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Save time with writing essay basics: Use photography and video

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How many times have you explained the basics of writing academic essays, business letters, and memos? You can save time explaining by using free web tools, photography and video to show students the basics of writing successful academic and workplace tasks.
Drawing on research and classroom instruction, the facilitator will present theory as well as free web tools to support effective writing for academic and workplace tasks.

Participant outcomes include:

• Identify theory that supports technology-enhanced writing instruction.
• Identify three time-saving techniques to introduce and practice basic writing structure, including indent, margins, skip a line, and quotes.
• Discuss the role of web-based tools in writing instruction.

Publicado en: Educación, Tecnología
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Save time with writing essay basics: Use photography and video

  1. 1. Save time with writing lessons: Use photography and video By Ingrid Greenberg TESOL 2014 Portland, Oregon 2
  2. 2. Save time with writing basics • Use video and photography to teach writing structure basics – Margins – Center title – Double-space or skip-a-line – Indent – Date placement 3
  3. 3. Cognitive Theory of Multimedia Learning Pre-Training Principle • Beginners can manage processing of complex materials • Can reduce the amount of essential processing learners do at time of presentation and activity in classroom. • Learners can devote cognitive processing to building a mental model. • Flipped classroom 4
  4. 4. Mental Model 5
  5. 5. Cognitive Theory of Multimedia Learning Borrow and Reorganize Principle • Build knowledge in long-term memory by imitating others. • Borrow knowledge that others have acquired and reorganize it into workable knowledge into long-term memory. • Studying an example may be more effective than problem-solving. • Video and photography 6
  6. 6. Writing models • Workplace: Workers need to know writing models. (Greenberg, 2012) • College & Career Readiness Standards for Adult Education (Pimentel, 2013)Three shifts: – Complexity – Evidence – Knowledge 7
  7. 7. Common Writing Tasks Academic • Academic essay • 1 paragraph • 3 paragraph • 5 paragraph • Summary • Report : book Career • Email • Memo • Business letter • Log shift activity • Report accident 8
  8. 8. Hospitality Communications and Computer Basics Portfolio Checklist ____ MS Word Business Letter ____ MS Word Memo ____ MS Word Memo with inserted table: schedule ____ MS Word Memo with inserted table: addition ____ MS Excel Alphabetize ____ MS Excel Addition ____ Internet Professional/Business Email ____ Speaking Interview supervisor/manager about a department ____ Journal: Taking Initiative at Work 9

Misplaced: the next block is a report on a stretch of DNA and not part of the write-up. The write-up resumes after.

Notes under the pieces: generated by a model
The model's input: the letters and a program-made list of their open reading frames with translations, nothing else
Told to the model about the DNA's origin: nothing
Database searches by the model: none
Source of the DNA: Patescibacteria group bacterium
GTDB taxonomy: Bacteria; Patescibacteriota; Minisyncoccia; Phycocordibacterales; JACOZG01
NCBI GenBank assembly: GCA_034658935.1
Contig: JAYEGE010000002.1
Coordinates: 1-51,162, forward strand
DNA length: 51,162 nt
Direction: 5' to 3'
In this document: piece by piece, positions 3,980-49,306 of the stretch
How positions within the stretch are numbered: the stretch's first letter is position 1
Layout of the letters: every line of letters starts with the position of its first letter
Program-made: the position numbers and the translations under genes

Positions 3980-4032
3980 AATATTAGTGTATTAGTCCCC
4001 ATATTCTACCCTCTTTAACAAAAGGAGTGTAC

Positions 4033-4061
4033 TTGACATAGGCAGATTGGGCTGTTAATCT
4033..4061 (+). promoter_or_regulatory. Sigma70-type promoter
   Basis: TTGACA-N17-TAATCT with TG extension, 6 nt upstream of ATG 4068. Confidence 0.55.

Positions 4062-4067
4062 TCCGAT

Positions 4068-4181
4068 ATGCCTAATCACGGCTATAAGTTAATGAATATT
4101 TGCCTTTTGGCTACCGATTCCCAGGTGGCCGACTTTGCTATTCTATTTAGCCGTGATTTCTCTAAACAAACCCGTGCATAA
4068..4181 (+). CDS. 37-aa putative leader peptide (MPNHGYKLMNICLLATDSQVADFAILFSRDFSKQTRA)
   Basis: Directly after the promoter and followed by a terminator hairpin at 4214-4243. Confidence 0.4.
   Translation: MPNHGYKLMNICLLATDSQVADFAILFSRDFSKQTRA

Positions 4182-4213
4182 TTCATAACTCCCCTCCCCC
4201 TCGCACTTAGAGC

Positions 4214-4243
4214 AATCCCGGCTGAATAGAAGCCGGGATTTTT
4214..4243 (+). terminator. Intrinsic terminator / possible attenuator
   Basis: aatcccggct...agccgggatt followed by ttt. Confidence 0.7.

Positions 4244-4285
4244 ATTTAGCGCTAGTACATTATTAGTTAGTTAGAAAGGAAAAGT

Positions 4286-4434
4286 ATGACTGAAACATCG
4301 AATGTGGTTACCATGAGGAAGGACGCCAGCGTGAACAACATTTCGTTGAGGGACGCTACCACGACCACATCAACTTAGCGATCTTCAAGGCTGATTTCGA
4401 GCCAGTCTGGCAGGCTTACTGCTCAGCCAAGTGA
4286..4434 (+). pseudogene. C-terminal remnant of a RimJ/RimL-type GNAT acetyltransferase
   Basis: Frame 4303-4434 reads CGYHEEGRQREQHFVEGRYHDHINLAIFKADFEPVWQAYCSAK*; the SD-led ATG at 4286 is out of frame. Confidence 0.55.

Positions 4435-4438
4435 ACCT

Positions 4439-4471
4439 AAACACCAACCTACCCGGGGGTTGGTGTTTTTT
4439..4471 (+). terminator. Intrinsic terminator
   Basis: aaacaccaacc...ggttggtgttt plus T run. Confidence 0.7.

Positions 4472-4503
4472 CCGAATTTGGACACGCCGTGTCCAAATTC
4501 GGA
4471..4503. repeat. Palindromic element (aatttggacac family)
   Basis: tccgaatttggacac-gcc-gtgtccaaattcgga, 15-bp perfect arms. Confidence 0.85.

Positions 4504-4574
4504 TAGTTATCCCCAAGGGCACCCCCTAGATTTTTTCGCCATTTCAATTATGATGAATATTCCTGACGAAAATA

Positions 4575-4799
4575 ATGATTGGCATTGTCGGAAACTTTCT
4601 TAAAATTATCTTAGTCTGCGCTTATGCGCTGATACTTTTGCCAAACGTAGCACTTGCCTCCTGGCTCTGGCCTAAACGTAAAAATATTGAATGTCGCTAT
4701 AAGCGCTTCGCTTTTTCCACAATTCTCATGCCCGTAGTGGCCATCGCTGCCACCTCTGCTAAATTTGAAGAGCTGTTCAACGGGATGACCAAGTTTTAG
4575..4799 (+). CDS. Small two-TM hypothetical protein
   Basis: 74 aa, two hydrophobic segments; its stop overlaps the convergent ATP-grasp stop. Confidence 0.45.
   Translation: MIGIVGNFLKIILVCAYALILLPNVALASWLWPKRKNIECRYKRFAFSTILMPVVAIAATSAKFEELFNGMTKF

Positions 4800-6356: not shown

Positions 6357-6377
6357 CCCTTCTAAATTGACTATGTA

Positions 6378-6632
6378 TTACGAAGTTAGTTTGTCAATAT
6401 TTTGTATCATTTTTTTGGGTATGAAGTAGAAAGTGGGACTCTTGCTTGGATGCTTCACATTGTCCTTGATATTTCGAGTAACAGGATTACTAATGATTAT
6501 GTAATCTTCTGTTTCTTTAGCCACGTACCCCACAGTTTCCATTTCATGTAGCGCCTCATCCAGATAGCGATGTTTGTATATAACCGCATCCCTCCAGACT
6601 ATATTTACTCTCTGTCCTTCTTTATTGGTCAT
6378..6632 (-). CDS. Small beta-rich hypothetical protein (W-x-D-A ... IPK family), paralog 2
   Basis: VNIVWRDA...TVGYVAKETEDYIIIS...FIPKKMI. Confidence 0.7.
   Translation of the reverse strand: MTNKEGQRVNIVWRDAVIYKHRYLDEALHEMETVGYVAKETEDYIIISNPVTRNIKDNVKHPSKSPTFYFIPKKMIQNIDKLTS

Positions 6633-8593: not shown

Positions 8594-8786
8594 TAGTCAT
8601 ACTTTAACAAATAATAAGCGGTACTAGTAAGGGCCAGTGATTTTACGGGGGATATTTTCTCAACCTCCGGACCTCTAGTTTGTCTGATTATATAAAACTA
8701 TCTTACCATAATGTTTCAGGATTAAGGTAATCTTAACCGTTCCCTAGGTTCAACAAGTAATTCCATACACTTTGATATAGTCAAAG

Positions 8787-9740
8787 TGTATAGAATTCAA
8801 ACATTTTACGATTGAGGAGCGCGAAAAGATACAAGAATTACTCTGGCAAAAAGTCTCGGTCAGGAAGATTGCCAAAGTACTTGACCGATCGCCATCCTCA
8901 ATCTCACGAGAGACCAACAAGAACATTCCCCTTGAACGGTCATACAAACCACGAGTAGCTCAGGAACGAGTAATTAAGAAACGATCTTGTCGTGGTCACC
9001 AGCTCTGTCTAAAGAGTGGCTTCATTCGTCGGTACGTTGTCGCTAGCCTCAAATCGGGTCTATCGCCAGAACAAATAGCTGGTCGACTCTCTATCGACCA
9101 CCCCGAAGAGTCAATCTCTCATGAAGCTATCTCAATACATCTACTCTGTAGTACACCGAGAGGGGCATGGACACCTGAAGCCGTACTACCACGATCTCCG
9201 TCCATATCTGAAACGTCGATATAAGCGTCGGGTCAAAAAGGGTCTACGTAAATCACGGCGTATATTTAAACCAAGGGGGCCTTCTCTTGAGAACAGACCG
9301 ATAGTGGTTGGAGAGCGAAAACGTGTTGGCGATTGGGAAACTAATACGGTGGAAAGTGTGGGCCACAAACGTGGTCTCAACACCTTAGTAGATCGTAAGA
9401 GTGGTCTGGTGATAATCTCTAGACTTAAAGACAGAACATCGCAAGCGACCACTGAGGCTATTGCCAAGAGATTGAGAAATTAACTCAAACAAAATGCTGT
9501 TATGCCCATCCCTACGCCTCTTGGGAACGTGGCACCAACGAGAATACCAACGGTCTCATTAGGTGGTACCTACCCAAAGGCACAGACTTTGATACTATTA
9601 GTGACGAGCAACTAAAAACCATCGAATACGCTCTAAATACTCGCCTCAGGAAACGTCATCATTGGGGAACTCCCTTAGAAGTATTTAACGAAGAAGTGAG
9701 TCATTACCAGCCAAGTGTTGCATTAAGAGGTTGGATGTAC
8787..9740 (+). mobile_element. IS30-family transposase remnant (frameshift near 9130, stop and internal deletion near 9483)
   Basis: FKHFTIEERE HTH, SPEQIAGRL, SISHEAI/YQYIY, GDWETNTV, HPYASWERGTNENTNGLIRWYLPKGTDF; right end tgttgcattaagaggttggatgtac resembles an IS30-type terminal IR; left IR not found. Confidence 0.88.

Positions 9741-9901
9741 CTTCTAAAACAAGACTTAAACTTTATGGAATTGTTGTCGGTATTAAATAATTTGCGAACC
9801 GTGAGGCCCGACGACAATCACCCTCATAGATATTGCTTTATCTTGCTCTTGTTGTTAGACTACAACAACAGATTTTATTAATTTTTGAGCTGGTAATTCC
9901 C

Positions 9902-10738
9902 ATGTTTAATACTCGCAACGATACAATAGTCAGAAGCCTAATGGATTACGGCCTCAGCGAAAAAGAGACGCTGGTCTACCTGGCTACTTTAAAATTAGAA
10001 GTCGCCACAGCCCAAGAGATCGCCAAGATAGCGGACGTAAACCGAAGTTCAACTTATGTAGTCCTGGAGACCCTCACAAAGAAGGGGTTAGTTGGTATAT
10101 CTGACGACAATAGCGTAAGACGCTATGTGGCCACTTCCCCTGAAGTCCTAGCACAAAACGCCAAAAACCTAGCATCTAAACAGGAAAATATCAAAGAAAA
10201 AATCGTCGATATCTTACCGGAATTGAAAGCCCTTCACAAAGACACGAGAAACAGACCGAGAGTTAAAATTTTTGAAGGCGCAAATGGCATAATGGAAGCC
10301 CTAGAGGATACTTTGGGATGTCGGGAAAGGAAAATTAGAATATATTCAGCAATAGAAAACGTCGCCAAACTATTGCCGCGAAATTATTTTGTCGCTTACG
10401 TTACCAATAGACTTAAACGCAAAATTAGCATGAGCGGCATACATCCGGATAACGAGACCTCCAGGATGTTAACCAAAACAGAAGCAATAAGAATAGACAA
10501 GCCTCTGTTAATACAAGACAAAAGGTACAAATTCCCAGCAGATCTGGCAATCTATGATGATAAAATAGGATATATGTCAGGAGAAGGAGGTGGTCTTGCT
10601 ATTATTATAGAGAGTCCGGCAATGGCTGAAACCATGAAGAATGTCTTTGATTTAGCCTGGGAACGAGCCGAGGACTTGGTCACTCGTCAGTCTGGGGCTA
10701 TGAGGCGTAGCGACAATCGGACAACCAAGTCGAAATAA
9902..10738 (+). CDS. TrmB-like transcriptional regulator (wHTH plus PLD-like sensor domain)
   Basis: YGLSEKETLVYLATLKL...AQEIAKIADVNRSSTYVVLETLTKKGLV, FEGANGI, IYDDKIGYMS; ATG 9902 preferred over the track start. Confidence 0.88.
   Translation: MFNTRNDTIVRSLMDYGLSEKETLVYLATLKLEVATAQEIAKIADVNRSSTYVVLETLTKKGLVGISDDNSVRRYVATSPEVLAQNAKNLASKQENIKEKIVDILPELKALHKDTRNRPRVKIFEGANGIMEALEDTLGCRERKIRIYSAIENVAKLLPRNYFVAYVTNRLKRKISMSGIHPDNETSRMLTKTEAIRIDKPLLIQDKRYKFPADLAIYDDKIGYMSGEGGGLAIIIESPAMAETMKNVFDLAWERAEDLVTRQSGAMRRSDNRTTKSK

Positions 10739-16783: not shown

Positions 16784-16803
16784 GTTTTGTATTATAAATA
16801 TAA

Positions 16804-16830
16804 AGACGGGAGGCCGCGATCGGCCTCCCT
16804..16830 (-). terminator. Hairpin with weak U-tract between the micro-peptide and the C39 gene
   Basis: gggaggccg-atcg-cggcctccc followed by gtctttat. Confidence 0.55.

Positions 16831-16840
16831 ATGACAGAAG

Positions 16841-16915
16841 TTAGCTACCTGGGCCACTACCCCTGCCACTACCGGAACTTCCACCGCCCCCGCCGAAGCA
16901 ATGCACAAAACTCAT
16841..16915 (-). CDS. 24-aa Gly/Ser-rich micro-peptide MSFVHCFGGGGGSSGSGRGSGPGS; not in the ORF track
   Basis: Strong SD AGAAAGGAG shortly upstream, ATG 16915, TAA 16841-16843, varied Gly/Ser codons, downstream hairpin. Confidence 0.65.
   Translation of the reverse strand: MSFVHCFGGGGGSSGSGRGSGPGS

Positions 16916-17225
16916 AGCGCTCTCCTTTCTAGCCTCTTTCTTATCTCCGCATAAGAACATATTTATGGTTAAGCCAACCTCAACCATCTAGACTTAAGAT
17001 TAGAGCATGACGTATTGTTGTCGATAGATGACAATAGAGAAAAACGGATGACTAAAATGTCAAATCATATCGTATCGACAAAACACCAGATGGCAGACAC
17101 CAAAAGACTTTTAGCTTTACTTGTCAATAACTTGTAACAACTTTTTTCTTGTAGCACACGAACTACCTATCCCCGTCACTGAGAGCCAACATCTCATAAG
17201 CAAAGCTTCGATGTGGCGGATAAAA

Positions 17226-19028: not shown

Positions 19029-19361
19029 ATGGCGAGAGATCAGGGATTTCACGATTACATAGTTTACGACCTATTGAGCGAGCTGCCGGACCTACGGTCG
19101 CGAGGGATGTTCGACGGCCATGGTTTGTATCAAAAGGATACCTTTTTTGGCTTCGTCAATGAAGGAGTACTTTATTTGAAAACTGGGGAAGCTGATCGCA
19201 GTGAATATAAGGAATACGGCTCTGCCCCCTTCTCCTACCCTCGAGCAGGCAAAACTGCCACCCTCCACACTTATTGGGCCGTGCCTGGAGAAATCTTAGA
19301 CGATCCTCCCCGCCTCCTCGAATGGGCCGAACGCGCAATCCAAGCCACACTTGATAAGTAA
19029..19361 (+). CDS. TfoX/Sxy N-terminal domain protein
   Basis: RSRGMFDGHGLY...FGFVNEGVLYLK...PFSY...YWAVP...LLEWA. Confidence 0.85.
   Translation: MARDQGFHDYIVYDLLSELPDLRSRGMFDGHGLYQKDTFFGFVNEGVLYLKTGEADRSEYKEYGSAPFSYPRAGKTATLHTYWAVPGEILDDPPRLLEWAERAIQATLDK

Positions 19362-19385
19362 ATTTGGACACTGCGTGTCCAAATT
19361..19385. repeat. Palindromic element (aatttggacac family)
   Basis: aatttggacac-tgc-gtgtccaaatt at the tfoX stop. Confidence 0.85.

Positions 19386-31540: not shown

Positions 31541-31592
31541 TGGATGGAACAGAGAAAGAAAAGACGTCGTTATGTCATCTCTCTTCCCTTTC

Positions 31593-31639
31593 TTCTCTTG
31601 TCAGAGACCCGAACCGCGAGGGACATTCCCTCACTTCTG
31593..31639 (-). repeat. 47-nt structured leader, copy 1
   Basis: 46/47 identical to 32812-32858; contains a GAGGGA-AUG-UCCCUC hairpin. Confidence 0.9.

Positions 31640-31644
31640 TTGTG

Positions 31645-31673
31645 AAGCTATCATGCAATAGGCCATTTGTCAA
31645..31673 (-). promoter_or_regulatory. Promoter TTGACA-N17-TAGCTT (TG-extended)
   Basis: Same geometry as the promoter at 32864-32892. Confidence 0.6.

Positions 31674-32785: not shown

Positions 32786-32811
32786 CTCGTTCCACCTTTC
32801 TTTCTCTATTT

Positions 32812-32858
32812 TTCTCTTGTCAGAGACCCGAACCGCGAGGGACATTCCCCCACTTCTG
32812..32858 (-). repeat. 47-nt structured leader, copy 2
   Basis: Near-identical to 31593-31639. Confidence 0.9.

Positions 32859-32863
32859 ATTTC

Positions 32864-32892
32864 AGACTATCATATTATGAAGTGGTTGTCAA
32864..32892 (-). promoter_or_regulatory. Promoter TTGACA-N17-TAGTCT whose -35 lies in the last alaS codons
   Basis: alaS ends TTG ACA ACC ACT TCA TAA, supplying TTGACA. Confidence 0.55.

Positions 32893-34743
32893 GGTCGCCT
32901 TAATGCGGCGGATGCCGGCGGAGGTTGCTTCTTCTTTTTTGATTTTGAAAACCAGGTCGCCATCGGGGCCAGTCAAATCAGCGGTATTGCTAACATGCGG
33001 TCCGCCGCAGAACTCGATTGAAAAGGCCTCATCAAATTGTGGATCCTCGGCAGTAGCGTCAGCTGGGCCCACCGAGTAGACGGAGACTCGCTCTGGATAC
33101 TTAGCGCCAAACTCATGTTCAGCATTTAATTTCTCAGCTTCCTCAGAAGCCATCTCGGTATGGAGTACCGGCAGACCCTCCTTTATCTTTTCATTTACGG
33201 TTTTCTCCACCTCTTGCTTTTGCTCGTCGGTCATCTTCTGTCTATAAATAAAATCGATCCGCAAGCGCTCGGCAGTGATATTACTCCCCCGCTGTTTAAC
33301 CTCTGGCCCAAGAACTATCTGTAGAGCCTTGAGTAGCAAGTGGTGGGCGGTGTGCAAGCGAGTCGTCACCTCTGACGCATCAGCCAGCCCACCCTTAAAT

9. 9. Discussion • How do you use video and/or photography in your classroom? • If so, what are some challenges? • And what are some best practices? 10
  10. 10. Video YouTube: ESLClips • How to use college ruled lined paper (1:56) • • How to start an essay (6:30) • 11
  11. 11. Testimonial “I really like the videos. I watched them several times. They helped me with my writing.” Amanda (B.S. Business, Brazil) Advanced ESL level 7 Transition to College, Continuing Education, San Diego Community College District 12
  12. 12. Steps to make instructional video 1. Identify learning objective(s) 2. Videotape 2-6 minutes of model and think-aloud 3. Use tripod to record video, or ask a friend 4. Upload to iMovie 5. Insert title slides into iMovie 6. Upload to YouTube 7. Edit “captions” in YouTube 8. Keep it simple 13
  13. 13. Photos Snapguide • Web tool to create “How-to” guides. • Arts & crafts, technology, cooking, gardening • Use iPhone or iPad to make guides. • Fast and easy. • iOS/Apple App to develop. • Available cross platforms. • letter/ • Assignment: Ask students to make Snapguides. 14
  14. 14. Discussion – Ask your partner. • How can videos and photos improve learning? • What length is recommended for video in instructions? Minutes? Seconds? • How can close captioning in video be used in your classroom? 15
  15. 15. Conclusion Video • 2-6 minutes • Avoid cognitive overload by adding text/slides before and after video, not during. • Subtitles, captions Photos • Captions, vocabulary 16
  16. 16. Bibliography • Clark, R. C., & Mayer, R. E. (2011). E-Learning and the Science of Instruction: Proven Guidelines for Consumers and Designers of Multimedia Learning (3rd ed.). San Francisco: Pfeiffer. • Colvin, G. (2008). Talent is overrated: What really separates world-class performers from everybody else. New York, NY: Penguin Group. • Greenberg, I. (2012). ESL Needs Analysis and Assessment in the Workplace. In Coombe, C. et al (Eds.), The Cambridge Guide to Second Language Assessment (pp. 178-186). New York, NY: Cambridge University Press. 17
  17. 17. Bibliography • Johns, A. M. (1993). Written argumentation for real audiences: Suggestions for teacher research and classroom practice. TESOL Quarterly, 27, 75-90. • Pimental, S. (April 2013). College and career seadiness standards in adult education. MPR Associates, Inc. Berkeley, CA. Retrieved on Oct. 22, 2013 at d.pdf • Swales, J. M. (1990). Genre analysis: English in academic and research settings. New York, NY: Cambridge University Press. 18
  18. 18. Resources • Lynn, S. et al. (2014). Project success: Preparing for success in the 21st century. New York, NY: Pearson Publishing. Six-level, four skills series. Geared toward adults and young adults, this highly engaging video-based program teaches English by involving students in real- life professional situations. See: • course.html 19